“Her approach is visionary,” says materials science and engineering Associate Professor James LeBeau, “The result of her work serves as the model for materials science and engineering across the country and the world.” Moreover, Olivetti has continued to innovate during the pandemic by spearheading a pilot community on Canvas for faculty to share strategies, recommendations, and best practices for digital and remote learning.
On working with MIT students, she is full of optimism and inspiration: “their humble, creative persistence gives me hope that we actually have a shot to take on the pressing challenges we face today.”
Creative, dedicated, and enthusiastic, Michael Short is an associate professor in nuclear science and engineering (NSE) and, according to his colleagues, “a leader in the field of nuclear materials.”
He received his BS, MS, and PhD from MIT, joined the department in 2005, and became an assistant professor in 2013. He has been recognized with the Joel and Ruth Spira Award, the Junior Bose Award from the School of Engineering, and the Earll M. Murman Award for Excellence in Undergraduate Advising.
Short’s research interests include fouling and its prevention, nondestructive evaluation (NDE), and radiation damage and effects, and he has spent more than a decade in the fields of nuclear materials, microstructural characterization, and alloy development.
A unique element of Short’s classes is his imaginative, hands-on approach. For example, in 22.01 (Ionizing Radiation and Nuclear Engineering), students have the ability to irradiate their toenails in the MIT Nuclear Reactor Laboratory to learn how much arsenic they have in their bloodstream.
Short’s students say that his teaching impacts are nothing “short” of inspirational, musing that he “never sets ‘ceilings’ for the performance of his students” and gives them space to fail. Third-year PhD student Jonathan Paras remarks that Short is “among the very few at the Institute who embody integrity, student-centric focus, and the eccentric hacker spirit that MIT has become known for.”
Michael Short is also deeply committed to curricular innovation and solving complex environmental issues. He is currently working on the problems of climate change and renewable energy through a NEET thread. He also developed the 22-ENG major to provide curricular flexibility, implemented a new prototyping focus to 22.033 (Nuclear Systems Design Project), and substantially revamped 22.01 (Introduction to Nuclear Engineering and Ionizing Radiation).
Much of Short’s work in these two subjects set the stage for wide-ranging improvements to the Course 22 curriculum by “futurizing” undergraduate education through a “context-first” approach that additionally addressed the problem of low enrollment within the major itself.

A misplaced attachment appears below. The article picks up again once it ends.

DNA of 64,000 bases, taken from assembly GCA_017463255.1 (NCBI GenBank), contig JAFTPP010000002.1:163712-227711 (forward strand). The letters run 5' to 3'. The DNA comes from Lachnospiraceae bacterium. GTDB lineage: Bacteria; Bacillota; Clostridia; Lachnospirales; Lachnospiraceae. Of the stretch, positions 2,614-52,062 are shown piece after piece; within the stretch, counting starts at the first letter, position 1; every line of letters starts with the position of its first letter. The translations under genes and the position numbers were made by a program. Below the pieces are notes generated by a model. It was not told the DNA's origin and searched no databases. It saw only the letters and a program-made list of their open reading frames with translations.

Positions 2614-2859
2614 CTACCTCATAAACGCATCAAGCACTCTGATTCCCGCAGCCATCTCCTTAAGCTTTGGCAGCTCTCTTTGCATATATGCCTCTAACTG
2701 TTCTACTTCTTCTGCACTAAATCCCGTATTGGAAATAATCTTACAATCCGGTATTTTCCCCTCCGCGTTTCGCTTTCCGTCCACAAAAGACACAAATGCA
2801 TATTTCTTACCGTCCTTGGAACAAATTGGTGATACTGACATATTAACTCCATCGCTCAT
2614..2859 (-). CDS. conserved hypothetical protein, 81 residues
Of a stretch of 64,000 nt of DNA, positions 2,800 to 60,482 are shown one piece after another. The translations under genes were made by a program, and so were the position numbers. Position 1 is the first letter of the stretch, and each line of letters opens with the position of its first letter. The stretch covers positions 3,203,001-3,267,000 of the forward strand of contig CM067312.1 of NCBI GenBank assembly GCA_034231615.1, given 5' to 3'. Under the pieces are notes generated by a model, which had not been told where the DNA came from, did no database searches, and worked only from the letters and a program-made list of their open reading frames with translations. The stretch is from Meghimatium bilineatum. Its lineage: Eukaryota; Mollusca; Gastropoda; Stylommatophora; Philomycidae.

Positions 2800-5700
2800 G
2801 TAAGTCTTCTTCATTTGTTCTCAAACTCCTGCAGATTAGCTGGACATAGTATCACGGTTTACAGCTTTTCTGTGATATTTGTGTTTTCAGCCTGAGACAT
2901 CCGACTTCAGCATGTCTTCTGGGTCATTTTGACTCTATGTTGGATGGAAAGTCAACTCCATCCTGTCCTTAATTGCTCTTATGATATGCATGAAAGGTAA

Associate Provost Richard K. Lester says, “He is a force of nature, and his impact on the NSE undergraduate program has been transformative.”
Among his most impressive accomplishments is his expansion of the department’s UROP program. Professor of nuclear science and engineering Jacopo Buongiorno notes, “[Short] stimulated the faculty to develop and continuously update a rich portfolio of UROP projects and made it easy for students to connect with the faculty through the online UROP system that he created.”
Buongiorno goes on to say that Short’s “energy and creativity, as well as intellectual and emotional connection to UG [undergraduate] students, are second to no one. Simply put … [he] is an unstoppable, inexhaustible machine.”
On being named a 2021 fellow, Short says, “I was absolutely thrilled to be selected, since as an undergrad and grad at MIT I had the distinct pleasure to take courses from a great number of MacVicar Fellows … To be selected to join their ranks … is an enormous honor.”
Michael Yaffe is the David H. Koch Professor of Science, professor of biology and biological engineering, and director of the MIT Center for Precision Cancer Medicine.
After completing his undergraduate degree at Cornell University, he received his MD and PhD from Case Western Reserve University. He has been a member of the Course 7 faculty since 2000 and a member of the biological engineering faculty since its inception.
Yaffe has taught 7.05 (General Biochemistry), an important core subject, since 2001. He also developed 7.10 (Physical Chemistry of Biomolecular Systems), and his work on a 9th edition of “Molecular Cell Biology” has become a primary textbook used by several undergraduate courses.
Yaffe’s research extends across multiple disciplines including materials science, biophysical chemistry, and medicine. He also runs a highly esteemed cell biology and cancer laboratory and serves as physician and trauma surgeon.
“He offered to let me shadow him on his surgeries,” writes one student. “I have not had another professor before or since who was so invested in helping me explore the entirety of my academic interests.” MacVicar Faculty Fellow and professor in the department of biological engineering Linda G. Griffith additionally praises Yaffe’s “unusual ability to straddle the basic science and clinical universes and to translate science into practice.”
Associate professor of biology Matthew Vander Heiden applauds Yaffe’s ability to do it all: “It is difficult to balance … the demands of a research laboratory and teaching responsibilities, but somehow Michael finds a way to take care of some of the sickest patients in Boston … and is among the best educators at any university.”
Michael Yaffe’s teaching style draws on this twin — academic and clinical — expertise, and his classes often include physical props such as Styrofoam balls, colored balloons, and cardboard constructs to help students visualize different structures.
Department head and professor of biology Alan Grossman remarks that Yaffe “mixes rigor and showmanship while presenting cutting-edge findings and science history, all combined into a pedagogy that is captivating and effective. He is an educator in the style of some of MIT’s most magnificent professors who have raised the level of lecturing to an art form.”
In addition to serving as a professor and physician, he is actively involved in MIT’s ROTC program and served in the Middle East as a member of the medical corps of the armed forces reserve. ROTC colleagues called him an “exemplar of the intersection of the military and academia.”
“Yaffe is one of the select few professors at MIT that everyone should get a chance to know,” confirms another student, “as he truly changes the way you understand, view, and approach the world.”